This study provides evidence that both HHS and SF-36 are responsive to change in patients undergoing revision THA and can be used in HRQoL assessment for longitudinal studies in patients with revision THA. This study also provides estimates of MID, which can be used to power future studies comparing different surgical approaches or implant types in patients undergoing revision THA, using either of these two measures as primary or secondary outcome measures. The finding that the disease-specific HHS was more sensitive to change than generic SF-36 is not surprising and should not be interpreted as a rationale to not include SF-36 in the assessment of patients with revision THA. In fact, a generic instrument such as SF-36 captures HRQoL domains differently than the disease-specific HHS, and can compliment the information obtained by the use of HHS. In addition, availability of population norms for SF-36 and availability of scores for other health conditions and chronic diseases allows comparisons of HRQoL gains across disease conditions, which plays an important role in health care policy. In conclusion, this study advances our knowledge in HRQoL assessment in patients with hip arthroplasty, and provides clinicians with tools for assessment of outcomes in clinical practice and researchers and trialists with additional data to design more robust studies in the future.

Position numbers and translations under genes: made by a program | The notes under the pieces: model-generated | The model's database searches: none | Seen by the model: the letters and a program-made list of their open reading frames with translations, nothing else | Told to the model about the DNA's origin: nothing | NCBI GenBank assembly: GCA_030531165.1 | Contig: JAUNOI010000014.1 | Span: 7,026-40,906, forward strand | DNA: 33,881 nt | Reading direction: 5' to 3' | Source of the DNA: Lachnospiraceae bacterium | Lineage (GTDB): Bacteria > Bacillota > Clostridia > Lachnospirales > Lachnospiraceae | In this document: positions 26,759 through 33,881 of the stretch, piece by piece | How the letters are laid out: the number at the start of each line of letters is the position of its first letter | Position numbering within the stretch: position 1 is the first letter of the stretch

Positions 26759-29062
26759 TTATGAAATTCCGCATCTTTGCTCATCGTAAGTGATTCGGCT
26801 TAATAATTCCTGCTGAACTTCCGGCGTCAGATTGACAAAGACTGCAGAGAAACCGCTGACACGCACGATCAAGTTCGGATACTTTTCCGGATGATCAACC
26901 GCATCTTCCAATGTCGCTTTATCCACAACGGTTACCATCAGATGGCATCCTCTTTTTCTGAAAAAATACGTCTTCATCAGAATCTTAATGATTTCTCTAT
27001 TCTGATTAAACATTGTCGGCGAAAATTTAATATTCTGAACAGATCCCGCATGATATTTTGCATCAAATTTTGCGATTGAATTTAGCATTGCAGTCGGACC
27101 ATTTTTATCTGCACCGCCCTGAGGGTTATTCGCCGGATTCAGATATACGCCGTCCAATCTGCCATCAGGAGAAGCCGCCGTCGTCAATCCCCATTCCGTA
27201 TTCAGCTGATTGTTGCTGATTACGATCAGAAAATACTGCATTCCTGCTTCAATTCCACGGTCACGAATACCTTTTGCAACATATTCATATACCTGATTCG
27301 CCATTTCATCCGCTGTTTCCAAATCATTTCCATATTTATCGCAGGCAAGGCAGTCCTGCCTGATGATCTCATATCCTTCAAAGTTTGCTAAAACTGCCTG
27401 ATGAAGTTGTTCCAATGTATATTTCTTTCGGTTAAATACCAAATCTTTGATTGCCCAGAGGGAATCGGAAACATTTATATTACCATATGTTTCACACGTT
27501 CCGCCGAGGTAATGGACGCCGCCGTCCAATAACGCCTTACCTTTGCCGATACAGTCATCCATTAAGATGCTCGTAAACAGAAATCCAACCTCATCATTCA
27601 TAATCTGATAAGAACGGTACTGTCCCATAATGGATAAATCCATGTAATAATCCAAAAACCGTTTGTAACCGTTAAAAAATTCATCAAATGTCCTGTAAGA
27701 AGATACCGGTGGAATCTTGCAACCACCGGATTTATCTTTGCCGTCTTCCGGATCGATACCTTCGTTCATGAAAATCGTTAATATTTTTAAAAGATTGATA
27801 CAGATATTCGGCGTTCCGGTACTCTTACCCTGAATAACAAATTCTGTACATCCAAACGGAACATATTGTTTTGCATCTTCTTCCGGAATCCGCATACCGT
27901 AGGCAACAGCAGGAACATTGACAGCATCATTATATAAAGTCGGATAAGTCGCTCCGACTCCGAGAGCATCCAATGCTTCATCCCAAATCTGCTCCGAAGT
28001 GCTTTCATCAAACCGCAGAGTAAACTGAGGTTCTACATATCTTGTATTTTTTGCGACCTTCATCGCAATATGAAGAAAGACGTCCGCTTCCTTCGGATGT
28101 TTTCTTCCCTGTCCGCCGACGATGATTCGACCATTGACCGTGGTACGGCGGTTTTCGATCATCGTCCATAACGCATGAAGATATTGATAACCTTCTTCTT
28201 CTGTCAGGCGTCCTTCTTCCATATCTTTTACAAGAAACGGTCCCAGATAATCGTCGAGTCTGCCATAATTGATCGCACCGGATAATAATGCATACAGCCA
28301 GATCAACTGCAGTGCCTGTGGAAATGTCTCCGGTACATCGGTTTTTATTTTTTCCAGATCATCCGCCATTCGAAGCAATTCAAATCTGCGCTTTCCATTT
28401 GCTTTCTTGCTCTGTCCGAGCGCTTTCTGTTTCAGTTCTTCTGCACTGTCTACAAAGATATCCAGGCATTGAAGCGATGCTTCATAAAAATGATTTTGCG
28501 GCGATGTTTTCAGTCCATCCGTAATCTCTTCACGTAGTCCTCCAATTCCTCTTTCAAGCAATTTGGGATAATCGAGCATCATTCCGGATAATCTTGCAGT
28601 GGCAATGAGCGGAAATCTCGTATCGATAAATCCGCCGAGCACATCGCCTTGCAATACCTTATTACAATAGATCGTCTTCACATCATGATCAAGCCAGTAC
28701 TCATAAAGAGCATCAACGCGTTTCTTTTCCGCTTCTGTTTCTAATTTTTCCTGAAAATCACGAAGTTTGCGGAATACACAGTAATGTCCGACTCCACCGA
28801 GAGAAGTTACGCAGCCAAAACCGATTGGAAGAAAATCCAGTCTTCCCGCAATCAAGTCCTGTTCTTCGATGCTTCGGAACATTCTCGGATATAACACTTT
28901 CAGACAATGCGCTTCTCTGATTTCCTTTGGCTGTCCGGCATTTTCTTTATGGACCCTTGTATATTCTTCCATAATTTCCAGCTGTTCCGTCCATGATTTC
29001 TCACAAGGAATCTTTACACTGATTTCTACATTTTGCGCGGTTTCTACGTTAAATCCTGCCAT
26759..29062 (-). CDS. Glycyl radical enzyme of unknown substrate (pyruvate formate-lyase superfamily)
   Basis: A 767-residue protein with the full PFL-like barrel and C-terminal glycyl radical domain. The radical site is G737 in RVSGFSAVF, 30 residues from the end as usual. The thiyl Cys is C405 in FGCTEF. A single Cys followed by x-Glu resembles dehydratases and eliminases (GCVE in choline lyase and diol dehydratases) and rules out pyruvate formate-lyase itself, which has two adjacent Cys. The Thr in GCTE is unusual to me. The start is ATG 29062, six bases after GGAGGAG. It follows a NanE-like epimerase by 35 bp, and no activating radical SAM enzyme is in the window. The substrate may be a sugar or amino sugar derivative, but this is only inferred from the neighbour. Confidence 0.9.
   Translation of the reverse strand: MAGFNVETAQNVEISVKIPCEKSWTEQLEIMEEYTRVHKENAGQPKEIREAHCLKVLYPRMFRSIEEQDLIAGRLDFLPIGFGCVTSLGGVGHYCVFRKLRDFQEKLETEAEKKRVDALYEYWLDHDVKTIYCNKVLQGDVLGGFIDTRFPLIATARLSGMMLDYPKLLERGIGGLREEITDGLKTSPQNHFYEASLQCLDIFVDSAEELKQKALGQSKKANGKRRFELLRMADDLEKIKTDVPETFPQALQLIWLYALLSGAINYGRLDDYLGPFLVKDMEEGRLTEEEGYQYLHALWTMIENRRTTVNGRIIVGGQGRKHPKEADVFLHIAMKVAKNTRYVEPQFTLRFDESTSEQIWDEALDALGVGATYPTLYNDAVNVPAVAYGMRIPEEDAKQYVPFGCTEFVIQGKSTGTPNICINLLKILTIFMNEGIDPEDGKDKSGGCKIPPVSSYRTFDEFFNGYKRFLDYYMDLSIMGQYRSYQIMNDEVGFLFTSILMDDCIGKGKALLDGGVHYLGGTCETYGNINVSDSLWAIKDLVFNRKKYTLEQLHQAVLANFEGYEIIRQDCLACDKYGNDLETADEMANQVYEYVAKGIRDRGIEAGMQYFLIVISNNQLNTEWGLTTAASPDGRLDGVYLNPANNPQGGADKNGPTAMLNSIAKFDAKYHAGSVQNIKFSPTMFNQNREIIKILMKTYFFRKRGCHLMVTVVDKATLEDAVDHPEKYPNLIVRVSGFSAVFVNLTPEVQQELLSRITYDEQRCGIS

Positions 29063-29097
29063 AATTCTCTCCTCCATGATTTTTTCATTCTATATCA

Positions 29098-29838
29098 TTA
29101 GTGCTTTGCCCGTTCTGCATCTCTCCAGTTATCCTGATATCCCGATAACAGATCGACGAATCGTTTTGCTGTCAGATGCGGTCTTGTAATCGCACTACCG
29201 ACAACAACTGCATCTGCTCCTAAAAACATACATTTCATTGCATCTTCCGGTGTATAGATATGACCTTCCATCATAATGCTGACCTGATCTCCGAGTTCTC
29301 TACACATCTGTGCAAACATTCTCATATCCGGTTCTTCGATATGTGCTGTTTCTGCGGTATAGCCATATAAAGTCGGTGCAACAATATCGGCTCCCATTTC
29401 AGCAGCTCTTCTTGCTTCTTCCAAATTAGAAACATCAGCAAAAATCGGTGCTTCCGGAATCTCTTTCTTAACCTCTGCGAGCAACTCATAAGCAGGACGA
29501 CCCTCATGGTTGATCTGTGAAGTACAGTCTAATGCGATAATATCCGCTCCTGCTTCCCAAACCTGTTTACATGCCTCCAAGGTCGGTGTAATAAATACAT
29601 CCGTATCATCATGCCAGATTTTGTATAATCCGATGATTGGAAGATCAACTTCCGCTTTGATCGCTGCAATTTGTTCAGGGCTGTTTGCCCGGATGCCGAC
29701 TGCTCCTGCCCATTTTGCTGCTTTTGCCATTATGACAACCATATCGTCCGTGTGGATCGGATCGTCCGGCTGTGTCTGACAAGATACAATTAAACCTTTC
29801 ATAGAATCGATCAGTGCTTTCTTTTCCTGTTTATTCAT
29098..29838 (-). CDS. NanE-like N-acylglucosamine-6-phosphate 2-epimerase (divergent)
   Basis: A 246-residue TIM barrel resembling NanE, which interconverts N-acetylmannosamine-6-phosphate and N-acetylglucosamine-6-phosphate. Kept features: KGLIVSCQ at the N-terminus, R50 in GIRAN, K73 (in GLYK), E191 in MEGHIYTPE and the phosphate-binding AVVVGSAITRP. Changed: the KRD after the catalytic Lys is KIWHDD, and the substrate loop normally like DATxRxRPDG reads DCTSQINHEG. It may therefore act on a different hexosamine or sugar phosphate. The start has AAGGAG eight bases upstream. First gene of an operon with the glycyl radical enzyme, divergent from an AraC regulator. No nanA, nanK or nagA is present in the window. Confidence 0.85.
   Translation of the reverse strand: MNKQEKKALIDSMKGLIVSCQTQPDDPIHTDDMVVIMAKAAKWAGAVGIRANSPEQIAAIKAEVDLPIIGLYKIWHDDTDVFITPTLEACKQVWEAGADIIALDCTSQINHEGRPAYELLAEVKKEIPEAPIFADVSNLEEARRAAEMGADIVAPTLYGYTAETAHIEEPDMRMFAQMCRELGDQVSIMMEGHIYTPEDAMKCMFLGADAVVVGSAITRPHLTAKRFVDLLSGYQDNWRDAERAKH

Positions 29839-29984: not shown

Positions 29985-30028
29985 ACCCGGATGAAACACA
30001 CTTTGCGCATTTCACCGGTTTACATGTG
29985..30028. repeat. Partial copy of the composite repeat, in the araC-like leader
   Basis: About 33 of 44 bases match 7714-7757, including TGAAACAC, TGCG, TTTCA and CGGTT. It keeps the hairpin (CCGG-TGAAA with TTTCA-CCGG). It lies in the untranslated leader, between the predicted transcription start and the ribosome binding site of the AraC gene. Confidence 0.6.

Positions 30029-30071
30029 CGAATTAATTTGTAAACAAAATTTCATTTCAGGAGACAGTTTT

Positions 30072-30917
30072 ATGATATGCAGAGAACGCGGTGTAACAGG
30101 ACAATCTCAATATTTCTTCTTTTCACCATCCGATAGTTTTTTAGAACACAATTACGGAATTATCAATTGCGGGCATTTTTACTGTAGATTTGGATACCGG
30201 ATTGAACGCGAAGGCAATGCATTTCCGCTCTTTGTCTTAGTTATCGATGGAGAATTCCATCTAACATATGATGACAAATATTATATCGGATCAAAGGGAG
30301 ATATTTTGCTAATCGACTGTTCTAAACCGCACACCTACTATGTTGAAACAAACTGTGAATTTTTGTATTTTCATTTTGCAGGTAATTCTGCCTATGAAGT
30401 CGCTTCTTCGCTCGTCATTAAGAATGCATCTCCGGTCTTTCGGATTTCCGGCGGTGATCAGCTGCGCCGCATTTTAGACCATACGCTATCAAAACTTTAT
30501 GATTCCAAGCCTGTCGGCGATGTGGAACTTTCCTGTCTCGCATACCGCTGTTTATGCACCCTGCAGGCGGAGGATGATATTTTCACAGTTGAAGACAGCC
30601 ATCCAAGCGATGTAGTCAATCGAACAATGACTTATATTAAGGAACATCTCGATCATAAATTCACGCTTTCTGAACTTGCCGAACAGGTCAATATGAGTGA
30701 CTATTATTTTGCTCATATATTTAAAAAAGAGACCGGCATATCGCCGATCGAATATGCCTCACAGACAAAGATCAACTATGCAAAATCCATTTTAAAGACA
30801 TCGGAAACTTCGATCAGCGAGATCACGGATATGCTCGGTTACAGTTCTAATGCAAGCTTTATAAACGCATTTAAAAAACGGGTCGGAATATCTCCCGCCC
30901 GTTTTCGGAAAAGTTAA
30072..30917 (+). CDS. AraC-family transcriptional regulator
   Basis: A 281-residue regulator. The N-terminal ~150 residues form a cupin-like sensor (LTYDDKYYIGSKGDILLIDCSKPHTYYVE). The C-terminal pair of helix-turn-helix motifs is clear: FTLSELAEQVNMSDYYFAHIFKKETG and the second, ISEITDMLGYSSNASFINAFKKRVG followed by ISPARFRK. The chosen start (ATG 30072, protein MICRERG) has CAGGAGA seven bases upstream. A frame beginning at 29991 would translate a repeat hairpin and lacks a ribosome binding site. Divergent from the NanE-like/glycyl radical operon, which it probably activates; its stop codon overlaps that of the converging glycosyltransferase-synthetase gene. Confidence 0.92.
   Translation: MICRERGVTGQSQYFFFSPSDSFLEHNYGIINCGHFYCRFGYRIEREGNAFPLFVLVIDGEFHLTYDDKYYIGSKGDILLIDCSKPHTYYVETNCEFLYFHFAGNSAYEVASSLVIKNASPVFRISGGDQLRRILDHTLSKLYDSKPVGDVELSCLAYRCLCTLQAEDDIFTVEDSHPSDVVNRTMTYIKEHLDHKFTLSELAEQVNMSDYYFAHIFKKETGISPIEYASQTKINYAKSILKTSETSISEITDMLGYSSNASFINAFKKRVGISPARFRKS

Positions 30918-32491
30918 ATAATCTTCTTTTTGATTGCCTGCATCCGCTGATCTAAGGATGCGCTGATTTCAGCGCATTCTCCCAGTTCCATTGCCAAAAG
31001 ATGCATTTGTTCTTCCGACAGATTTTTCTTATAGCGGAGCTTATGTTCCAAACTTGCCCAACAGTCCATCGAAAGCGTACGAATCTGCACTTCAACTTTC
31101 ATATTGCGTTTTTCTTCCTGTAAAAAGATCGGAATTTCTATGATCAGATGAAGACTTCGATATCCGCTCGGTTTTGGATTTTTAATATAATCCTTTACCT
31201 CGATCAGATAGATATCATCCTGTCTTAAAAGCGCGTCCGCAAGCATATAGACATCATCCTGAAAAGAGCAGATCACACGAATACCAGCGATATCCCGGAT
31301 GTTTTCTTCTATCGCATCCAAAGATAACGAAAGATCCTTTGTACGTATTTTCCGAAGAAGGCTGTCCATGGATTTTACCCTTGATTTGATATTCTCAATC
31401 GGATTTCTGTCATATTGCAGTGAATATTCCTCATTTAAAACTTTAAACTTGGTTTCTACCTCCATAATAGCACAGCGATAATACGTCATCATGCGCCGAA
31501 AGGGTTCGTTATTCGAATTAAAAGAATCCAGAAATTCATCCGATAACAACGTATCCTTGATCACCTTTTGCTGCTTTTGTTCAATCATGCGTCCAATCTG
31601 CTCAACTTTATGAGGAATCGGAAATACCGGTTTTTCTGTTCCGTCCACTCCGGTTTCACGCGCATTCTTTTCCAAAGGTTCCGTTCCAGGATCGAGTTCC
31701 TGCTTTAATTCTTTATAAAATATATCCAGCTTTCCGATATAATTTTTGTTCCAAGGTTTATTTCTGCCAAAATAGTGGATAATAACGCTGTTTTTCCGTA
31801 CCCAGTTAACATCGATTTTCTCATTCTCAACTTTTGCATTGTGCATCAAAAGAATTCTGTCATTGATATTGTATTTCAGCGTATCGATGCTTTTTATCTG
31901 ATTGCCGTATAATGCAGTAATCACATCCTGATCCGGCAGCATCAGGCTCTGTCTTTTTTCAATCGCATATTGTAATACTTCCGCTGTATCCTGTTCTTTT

This material is the result of work supported by the resources and the use of facilities at the Birmingham VA Medical Center, Alabama, USA. No specific grant was obtained to support this work.
"The views expressed in this article are those of the authors and do not necessarily reflect the position or policy of the Department of Veterans Affairs or the United States government."